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Couple Offers $100K to Egg Donor

February 9, 2000

SAN FRANCISCO (AP) _ A pair of would-be parents has placed an ad offering $100,000 for the eggs of a bright, young, white athlete _ possibly the highest offer yet made for such a service.

Their asking price has raised ethical questions even for advocates of high-tech reproductive medicine, who say giving eggs should be about helping others, not making a big cash payoff.

The couple’s half-page advertisement, which ran this week in Stanford University’s student newspaper, specified that the woman be under 30 and an athlete ``of proven college-level ability.″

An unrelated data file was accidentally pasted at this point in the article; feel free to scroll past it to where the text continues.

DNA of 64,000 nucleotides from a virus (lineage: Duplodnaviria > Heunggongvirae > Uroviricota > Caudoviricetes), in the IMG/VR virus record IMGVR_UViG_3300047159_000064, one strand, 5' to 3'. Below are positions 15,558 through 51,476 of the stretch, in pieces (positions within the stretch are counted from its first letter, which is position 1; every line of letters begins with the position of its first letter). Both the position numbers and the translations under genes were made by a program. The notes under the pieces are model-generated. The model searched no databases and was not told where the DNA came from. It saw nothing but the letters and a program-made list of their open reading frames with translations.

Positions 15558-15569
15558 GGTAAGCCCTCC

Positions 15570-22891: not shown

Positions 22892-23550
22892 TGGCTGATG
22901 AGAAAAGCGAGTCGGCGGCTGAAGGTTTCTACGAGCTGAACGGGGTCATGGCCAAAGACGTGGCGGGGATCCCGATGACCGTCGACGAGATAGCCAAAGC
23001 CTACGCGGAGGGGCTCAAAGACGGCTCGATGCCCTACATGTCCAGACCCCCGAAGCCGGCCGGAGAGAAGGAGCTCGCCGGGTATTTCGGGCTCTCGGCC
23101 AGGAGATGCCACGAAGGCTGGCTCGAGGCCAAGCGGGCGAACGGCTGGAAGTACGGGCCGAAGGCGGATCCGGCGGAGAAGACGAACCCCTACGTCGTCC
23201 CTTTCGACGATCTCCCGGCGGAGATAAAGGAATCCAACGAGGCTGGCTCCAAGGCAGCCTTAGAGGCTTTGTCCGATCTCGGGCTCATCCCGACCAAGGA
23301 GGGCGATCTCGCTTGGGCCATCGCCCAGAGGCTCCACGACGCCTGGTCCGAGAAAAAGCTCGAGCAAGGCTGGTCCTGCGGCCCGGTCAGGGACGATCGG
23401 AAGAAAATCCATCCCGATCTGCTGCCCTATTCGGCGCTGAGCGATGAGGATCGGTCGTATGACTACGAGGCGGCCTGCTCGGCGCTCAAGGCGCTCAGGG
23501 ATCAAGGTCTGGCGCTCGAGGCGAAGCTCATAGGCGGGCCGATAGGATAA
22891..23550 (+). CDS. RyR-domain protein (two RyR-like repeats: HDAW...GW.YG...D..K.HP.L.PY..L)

The highest known price before was $50,000, offered through an ad last year in a number of Ivy League college papers.

The ad was placed by Families 2000, a donor-recruiting service based in Southern California. The service did not return phone calls seeking comment Tuesday.

Fertility doctors and medical ethicists say the high-priced offer _ designed to attract a premium candidate _ may actually backfire and attract a dishonest and risky donor. Most donors are paid around $4,000 for the process, which entails six weeks on hormone drugs, followed by invasive surgery to harvest 12 to 15 eggs.

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